(It’s been a difficult week, and we are all reeling a little. This feels appropriate on Veterans day.)
Four times he’s left me now, with the changing of the seasons.
Four times he’s packed his bags and stood with his back in the doorway, four times we’ve updated the wills, written goodbye letters, and swallowed back the tears.
Four times I’ve wrapped my arms around him, tucked my head up under his chin, breathed in deep the smell of him, and held my breath to last six months, a year or forever.
Four times he’s left us in the fall, surrounded by the dead and dying leaves and it’s easy to be afraid of the death and the dying, to give in to the decay, to feel abandoned.
It’s easy to be afraid.
We’ve endured miscarriage, the death of dear friends, depression, anxiety, and fear all while he’s been half a world away. And in the dark and gray of winter, my soul cries out like that of the psalmist, when he says,
“My God, my God, why have you forsaken me? Why are you so far from saving me, from the words of my groaning? O my God, I cry by day, but you do not answer, and by night, but I find no rest” … and then again … “I am poured out like water, and all my bones are out of joint; my heart is like wax; it is melted within my breast; my strength is dried up like a potsherd, and my tongue sticks to my jaws; you lay me in the dust of death.” (From Psalm 22).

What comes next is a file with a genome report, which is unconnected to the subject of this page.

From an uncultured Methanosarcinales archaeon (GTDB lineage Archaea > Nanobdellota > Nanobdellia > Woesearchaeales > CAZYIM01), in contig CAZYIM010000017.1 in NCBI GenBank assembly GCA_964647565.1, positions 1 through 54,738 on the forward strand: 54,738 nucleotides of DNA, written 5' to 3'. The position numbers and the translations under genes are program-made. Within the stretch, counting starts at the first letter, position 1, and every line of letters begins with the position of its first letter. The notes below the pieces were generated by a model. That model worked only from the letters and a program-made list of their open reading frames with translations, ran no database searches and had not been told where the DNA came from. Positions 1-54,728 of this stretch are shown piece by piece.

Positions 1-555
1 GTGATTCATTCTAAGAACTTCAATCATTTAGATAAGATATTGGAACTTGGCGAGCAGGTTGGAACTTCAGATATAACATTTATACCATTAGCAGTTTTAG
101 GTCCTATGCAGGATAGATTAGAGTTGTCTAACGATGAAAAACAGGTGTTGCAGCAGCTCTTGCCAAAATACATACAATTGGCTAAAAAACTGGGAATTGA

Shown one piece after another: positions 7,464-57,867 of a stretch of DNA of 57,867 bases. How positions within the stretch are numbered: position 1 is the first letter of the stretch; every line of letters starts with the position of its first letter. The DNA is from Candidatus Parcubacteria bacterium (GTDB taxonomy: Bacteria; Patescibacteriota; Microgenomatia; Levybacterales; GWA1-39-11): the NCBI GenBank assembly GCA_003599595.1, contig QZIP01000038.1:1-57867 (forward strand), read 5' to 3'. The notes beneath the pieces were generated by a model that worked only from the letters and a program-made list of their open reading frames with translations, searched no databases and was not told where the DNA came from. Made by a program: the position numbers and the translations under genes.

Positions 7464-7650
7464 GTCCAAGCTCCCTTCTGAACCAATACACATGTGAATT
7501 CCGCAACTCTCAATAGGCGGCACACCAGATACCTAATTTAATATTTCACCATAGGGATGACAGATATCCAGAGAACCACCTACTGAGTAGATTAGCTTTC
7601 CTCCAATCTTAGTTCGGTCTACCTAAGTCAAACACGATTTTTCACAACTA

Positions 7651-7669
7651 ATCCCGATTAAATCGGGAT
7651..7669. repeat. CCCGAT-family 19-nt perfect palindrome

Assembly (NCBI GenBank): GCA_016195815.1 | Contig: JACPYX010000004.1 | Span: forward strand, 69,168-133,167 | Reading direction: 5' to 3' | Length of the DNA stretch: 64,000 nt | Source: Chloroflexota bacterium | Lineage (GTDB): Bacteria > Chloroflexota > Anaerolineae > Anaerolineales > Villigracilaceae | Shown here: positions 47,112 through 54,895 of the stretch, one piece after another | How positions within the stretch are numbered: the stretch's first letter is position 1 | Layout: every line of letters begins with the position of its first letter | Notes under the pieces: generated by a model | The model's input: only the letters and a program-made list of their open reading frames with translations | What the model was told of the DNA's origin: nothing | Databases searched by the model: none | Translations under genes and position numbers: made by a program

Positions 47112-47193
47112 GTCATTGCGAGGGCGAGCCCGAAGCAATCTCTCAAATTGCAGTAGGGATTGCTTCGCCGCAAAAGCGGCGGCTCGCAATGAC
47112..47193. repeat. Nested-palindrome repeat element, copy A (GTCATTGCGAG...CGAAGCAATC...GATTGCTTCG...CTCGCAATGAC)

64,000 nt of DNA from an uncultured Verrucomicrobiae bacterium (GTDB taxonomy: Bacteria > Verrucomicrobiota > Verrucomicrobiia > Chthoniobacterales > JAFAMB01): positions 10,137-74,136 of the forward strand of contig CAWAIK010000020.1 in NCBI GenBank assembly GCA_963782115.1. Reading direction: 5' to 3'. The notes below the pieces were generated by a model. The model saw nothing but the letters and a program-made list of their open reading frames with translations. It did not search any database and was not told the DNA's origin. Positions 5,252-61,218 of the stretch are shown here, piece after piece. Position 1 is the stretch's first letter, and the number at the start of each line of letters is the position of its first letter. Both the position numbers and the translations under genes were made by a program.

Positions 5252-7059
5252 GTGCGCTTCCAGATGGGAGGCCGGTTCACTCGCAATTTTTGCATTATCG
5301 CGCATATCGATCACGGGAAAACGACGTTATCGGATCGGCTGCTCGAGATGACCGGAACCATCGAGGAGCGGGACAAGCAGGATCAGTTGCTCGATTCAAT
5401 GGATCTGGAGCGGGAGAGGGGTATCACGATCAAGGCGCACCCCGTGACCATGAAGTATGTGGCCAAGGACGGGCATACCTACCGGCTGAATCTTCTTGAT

But oh I have never been alone, and death gives way to the living. Bare branches bloom with the promise of new life and the stark weight of the cross is born up by the hollow spaces of an empty tomb.
In the very same Psalm, ringing out in the echoes of his lament, are the notes of His coming glory.
Four times he’s left me, and four times he’s returned.
And our homecoming is an imperfect picture of our heavenly welcome where death is defeated and new life abounds.
Blessed be the God and Father of our Lord Jesus Christ! According to his great mercy, he has caused us to be born again to a living hope through the resurrection of Jesus Christ from the dead (I Peter 1:3).
We’re in a season of staying now, but the changing and the death and dying and the back to life never stops.
It unfolds in the growing of our children, and the seasoning of our marriage, and the ebb and flow of the Army life. It winds around the moments we mourn for the would-have-beens and rejoice in the what-we-haves.
An exquisite, redemptive story of life and death and life again.
To those who have done the leaving, and those who have been the left behinds. Thank you. For your service, for your sacrifice, for your selflessness. You are shining threads in the sometimes tumultuous weave of our nation’s history.
For my dad, Bowen, my brother John, for Paul, for all of our brothers and sisters in arms. For Jaime, and for Andy. A reflective, thoughtful Veterans Day to you all.